Davide Cassani has named his former Ariostea and MG-Technogym directeur sportif Giancarlo Ferretti as an adviser to the Italian national team. The announcement came in Camaiore, Tuscany, where Cassani is holding his first gathering since he was appointed as Italian road coach following the resignation of Paolo Bettini at the turn of the year.
“I rode for Giancarlo for five years and I really learned a lot from him, so I’ve asked him to be my adviser,” Cassani told Tuttobici. “I’m new in this role, not only as national team manager but as a coach, and I want a valuable man next to me, a consigliere who can help me above in terms of management.”
Nicknamed the “Iron Sergeant” for his supposedly authoritarian approach to team management, Ferretti spent thirty years as a directeur sportif at Bianchi, Ariostea, MG-Techogym and Fassa Bortolo, where he guided Moreno Argentin, Rolf Sorensen, Michele Bartoli, Bjarne Riis, Pascal Richard and Alessandro Petacchi, among others.
Ferretti’s management career was not without its controversies, however. In 1997, he was fined by the Italian Cycling Federation after doping products were found by police during a search at the MG-Technogym hotel at Carano Fiemme during that year’s Giro d’Italia.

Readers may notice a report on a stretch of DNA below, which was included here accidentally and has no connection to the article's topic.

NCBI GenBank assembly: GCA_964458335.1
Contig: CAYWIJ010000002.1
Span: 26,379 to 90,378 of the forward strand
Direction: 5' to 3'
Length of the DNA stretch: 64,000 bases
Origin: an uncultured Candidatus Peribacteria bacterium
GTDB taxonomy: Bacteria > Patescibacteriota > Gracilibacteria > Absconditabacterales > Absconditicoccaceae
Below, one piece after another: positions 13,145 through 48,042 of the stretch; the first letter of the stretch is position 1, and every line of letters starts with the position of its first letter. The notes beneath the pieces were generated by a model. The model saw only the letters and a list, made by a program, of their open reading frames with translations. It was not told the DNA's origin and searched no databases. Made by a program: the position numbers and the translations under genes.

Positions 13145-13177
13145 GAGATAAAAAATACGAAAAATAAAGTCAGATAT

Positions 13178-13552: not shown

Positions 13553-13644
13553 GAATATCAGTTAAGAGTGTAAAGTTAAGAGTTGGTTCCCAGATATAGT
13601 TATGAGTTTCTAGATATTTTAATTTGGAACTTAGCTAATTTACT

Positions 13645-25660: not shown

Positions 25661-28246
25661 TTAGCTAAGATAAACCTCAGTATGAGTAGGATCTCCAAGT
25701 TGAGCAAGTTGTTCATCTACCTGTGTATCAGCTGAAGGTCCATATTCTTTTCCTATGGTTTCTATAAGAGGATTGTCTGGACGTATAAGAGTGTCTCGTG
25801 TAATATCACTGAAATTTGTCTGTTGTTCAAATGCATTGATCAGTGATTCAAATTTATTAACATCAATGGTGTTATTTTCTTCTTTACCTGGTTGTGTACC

When Fassa Bortolo withdrew from cycling in 2005 – the year of Dario Frigo’s second doping arrest while at the team – Ferretti began to put together a new team supposedly under the sponsorship of Sony Ericsson, only for it to emerge that he had been the victim of a hoax. Gilberto Simoni and Stuart O’Grady were among the riders who had been poised to sign with Ferretti.
Meanwhile, earlier this week, Marco Velo told Gazzetta dello Sport that he will serve as a time trialling coach in Cassani’s Italian set-up and said that he hopes to combine the role with his current work on RCS Sport events, where he rides the motorbike at the head of the race.
“There’s no conflict of interests,” Velo said. “In fact, being in the races and amid the action, can only keep me up to date with the riders.”
A triple Italian time trial champion, Velo tested positive for salbutamol after winning the title in 2000, but successfully appealed against any sanction. Velo, who raced with Marco Pantani at Mercatone Uno, later became an important part of Alessandro Petacchi’s lead-out train at Fassa Bortolo and retired from cycling in 2010 after two seasons with QuickStep.
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